A threat to the identification remains as to whether the eligibility thresholds to the ETI is associated with an increased fuel efficiency gap without reference to the capacity of automakers to manipulate fuel efficiency. We describe two placebo tests to investigate this hypothesis here and present the estimates in Appendix H. First, we explore potential discontinuities at the tax deduction thresholds on the acquisition tax prior to the introduction of the large ETI between 2001 and 2008 when these tax deductions were much smaller under the old system, and thus incentives for manipulation were lower, and we expect to observe a smaller effect on the fuel efficiency gap at their eligibility thresholds. The lack of treatment effects during this period, as illustrated in Figure 2 Panel B, provides strong support that the tax-incentives eligibility per se does not cause discontinuities in the fuel efficiency gap. Rather, it is the highpowered tax incentives that gave rise to the gap. Second, we investigate whether the levels of fuel efficiency that defined the taxincentive eligibility in one of the two ETI periods exhibit any discontinuity in the fuel efficiency gap for vehicles produced in the other period during which these levels were not tied to the tax incentives eligibility. If these cut-offs in particular coincide with levels of fuel efficiency that create a large fuel efficiency gap after 2009, we would expect to observe such gaps even at these placebo cut-offs. We find that the point estimates are negative in most cases and statistically insignificant, indicating that the fuel efficiency gap is continuous, or if anything smaller, at the cutoffs. All things considered, it is unlikely that the levels of fuel efficiency used to determine the tax incentives eligibility are the result of any confounding variables that would explain the inherent existence of a fuel efficiency gap. Rather, the evidence suggests that the fuel efficiency gap is amplified at the eligibility thresholds only when they are associated with large tax incentives.
Heterogeneity in the Treatment Effects
We now explore heterogeneity in the treatment effects at the first eligibility threshold using the pooled sample of 2009–2014 across automakers.21 Overall, our findings highlight a great deal of heterogeneity in the fuel efficiency gap manipulated at the ETI eligibility thresholds. While individual names of automakers are anonymized to avoid identification, we do identify Mitsubishi as it has already admitted to having cheated in reporting fuel efficiency data. Our study shows that the fuel efficiency gap increases by 7.7 percent for Mitsubishi’s eligible vehicles. The magnitude is in the range of what the company executives recently admitted to in falsifying their fuel efficiency data (5–10 percent). We 21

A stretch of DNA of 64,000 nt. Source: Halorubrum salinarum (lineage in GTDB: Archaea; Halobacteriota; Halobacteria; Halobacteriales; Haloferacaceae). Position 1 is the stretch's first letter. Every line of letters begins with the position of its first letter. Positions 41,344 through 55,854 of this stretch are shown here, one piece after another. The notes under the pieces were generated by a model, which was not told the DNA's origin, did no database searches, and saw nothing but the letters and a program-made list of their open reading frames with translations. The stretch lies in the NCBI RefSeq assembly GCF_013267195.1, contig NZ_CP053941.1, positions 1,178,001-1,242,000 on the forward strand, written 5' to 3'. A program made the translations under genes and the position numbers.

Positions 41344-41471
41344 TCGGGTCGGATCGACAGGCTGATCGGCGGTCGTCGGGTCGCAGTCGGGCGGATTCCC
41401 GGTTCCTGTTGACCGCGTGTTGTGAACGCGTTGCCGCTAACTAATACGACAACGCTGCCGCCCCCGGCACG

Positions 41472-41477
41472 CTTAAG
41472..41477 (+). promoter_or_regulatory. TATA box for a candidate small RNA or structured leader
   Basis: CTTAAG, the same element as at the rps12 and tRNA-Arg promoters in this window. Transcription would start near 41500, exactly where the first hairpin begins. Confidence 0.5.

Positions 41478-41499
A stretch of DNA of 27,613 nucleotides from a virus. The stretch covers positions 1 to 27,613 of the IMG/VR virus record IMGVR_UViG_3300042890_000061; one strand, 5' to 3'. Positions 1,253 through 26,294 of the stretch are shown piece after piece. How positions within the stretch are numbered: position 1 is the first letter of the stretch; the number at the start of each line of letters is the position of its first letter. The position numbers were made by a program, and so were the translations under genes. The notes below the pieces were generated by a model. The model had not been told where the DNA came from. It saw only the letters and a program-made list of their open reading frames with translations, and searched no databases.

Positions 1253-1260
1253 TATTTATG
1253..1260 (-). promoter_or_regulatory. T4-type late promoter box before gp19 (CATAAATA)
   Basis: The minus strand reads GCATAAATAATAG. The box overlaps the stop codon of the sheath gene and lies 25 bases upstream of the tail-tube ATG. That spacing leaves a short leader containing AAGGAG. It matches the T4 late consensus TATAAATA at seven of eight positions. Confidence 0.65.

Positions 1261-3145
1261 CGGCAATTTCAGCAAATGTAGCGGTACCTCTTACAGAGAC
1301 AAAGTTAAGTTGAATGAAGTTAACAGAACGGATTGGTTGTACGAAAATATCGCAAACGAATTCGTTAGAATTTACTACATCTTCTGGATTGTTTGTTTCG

We present these estimates and others in additional dimensions in Appendix G.
also want to highlight that although we still avoid identification of Nissan in our results, we find no gap for Nissan, which blowed the whistle on the Mitsubishi scandal after conducting fuel efficiency tests and found inconsistencies for vehicles made by Mitsubishi for Nissan.22 This implies that the fuel efficiency gap does not exhibit a discontinuity at the eligibility threshold for a “clean” automaker even when it is tied to the large incentives. Such finding gives us strong confidence that the elevated fuel efficiency gap at the eligibility thresholds are due to manipulation.
Recently, nearly every other major automaker worldwide has come under increased scrutiny after several automakers have been accused of and in some cases have admitted to falsifying fuel efficiency and emission data. Using novel data in Japan, our study suggests that incentives schemes to boost consumption of fuel-efficient vehicles underlined the manipulation of their compliance with fuel efficiency and emission regulations. Our evidence demonstrates limited efficacy of such environmental policies, especially those with nonlinear eligibility criteria, namely by inducing automakers to improve reported fuel efficiency without actually improving vehicle performance. Our findings of an increased fuel efficiency gap at the eligibility thresholds warrant continuous monitoring and rigorous enforcement to verify compliance with legislation under real-world conditions. It is critical to address the fuel efficiency gap because it undermines the worldwide effort to achieve greater stringency in the regulation of atmospheric emissions from the automobile industry as well as impeding actual environmental improvements.
In the end, Mitsubishi was absorbed into the Nissan-Renault Alliance in October 2016.